EPA’s Phase 2 proposal builds on an existing set of regulations of motor vehicles begun at the start of the Obama administration. Thus, much of the preliminary regulatory work has been completed, including the endangerment finding made in 2009 under section 202. After making the endangerment finding, EPA, in conjunction with the Department of Transportation’s National Highway Transportation Safety Administration, set GHG tailpipe and Corporate Average Fuel Economy standards for “light-duty” vehicles—cars and light trucks—for model years 2012-2016, and subsequently for model years 2017-2025. EPA and NHTSA also set CAFE and GHG vehicle and engine standards for medium and heavy trucks for model years 2014-2018 (Phase 1 standards). Significantly, the endangerment finding and all current GHG tailpipe standards have been upheld in court.

EPA now is simply extending its authority to secure additional GHG reductions further into the future. Thus, EPA again with NHTSA, published a draft rule on July 13 of this year, setting Phase 2 fuel efficiency and GHG standards for medium and heavy duty trucks and engines for model years 2021-2027 (and for trailers, model years 2018-2027). While the Phase 1 standards focused on improving efficiency by using off-the-shelf technology to achieve 10-20 percent reductions in fuel consumption and GHG emissions (percentage varies by class of vehicle), the Phase 2 proposal seeks to push the industry a bit further into the future. It would require additional technology and efficiency improvements to yield a 24 percent improvement in fuel efficiency for combination tractors, eight percent for trailers, and 16 percent for pick up trucks, light vans and vocational vehicles (garbage trucks, buses, on-road construction trucks and recreational vehicles) for model years 2021 to 2027 (trailer standards begin in 2018).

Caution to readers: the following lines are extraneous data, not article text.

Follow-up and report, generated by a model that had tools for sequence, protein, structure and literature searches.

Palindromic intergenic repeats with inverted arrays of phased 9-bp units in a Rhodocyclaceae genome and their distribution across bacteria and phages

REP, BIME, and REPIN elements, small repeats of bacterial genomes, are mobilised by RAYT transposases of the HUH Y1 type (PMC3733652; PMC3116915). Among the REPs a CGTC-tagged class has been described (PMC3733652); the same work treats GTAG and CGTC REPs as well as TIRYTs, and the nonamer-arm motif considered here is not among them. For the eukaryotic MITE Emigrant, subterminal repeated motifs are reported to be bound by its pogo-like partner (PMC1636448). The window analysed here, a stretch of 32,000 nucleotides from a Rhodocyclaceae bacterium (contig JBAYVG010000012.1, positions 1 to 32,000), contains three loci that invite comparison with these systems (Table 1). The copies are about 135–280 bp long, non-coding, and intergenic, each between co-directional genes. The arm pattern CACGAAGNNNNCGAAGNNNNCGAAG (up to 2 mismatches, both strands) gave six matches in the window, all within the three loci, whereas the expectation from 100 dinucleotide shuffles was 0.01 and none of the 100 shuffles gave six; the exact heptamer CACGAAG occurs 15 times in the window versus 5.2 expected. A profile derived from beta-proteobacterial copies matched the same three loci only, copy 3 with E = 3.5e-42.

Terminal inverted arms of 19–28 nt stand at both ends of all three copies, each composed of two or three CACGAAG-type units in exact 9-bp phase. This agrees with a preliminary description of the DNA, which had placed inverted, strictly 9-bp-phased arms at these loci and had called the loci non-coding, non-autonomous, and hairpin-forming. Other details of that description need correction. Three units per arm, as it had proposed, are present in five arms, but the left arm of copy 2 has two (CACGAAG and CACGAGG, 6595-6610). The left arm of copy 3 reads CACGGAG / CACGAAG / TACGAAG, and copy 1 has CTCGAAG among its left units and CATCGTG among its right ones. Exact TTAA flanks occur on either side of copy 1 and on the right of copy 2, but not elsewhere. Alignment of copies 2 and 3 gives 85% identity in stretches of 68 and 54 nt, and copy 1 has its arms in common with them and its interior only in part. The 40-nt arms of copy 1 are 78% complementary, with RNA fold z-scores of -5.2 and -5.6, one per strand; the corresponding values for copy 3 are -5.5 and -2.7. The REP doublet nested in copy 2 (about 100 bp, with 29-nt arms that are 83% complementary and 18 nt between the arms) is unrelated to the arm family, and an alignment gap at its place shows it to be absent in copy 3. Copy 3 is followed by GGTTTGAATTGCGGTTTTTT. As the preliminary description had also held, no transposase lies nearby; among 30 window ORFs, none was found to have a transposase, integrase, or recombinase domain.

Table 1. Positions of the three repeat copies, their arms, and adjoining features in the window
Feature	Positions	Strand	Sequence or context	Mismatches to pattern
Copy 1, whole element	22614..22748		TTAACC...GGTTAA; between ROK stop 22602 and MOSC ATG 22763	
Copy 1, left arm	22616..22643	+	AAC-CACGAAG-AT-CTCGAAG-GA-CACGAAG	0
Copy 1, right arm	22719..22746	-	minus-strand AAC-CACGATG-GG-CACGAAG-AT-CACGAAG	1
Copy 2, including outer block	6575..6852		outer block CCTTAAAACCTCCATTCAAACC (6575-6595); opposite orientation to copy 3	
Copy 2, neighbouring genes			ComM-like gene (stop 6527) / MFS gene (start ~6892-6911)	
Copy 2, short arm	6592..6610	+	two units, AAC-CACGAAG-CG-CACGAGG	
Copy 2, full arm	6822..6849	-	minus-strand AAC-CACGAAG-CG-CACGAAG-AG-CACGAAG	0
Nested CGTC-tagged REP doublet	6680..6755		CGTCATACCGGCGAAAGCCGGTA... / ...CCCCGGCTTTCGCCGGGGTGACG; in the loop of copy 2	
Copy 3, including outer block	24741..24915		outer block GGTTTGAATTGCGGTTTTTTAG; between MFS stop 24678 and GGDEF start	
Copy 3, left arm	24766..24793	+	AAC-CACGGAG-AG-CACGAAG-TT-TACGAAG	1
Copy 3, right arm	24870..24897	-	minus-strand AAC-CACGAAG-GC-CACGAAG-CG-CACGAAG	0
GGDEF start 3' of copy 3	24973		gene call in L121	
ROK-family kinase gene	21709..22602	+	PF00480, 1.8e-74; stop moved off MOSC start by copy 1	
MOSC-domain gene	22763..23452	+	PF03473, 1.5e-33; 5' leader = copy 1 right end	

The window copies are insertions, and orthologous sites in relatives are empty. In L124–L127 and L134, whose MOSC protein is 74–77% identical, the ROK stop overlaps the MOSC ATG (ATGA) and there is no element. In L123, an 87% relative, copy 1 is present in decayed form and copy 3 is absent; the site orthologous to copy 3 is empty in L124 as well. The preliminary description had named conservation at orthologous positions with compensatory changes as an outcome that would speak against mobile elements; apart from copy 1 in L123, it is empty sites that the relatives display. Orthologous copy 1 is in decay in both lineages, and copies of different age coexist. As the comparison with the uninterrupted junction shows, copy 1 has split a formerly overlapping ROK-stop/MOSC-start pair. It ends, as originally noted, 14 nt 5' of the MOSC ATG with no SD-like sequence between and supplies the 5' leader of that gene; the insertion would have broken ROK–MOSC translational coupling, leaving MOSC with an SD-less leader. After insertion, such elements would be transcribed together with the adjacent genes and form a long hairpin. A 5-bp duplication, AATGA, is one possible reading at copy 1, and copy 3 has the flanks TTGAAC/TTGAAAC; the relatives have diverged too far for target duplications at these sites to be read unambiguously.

EPA claims these standards would reduce GHG emissions by 1 billion metric tons, conserve approximately 1.8 billion barrels of oil, and reduce fuel costs by $170 billion over the lifetime of the affected vehicles. The proposal was largely welcomed by the automotive manufacturing industry, which worked with EPA to set reachable goals. There is not a consensus though, because other industry groups expressed concern about the timetable of implementation or costs imposed on smaller fleets of specialized vehicles. Some environmental groups had hoped for more significant improvements.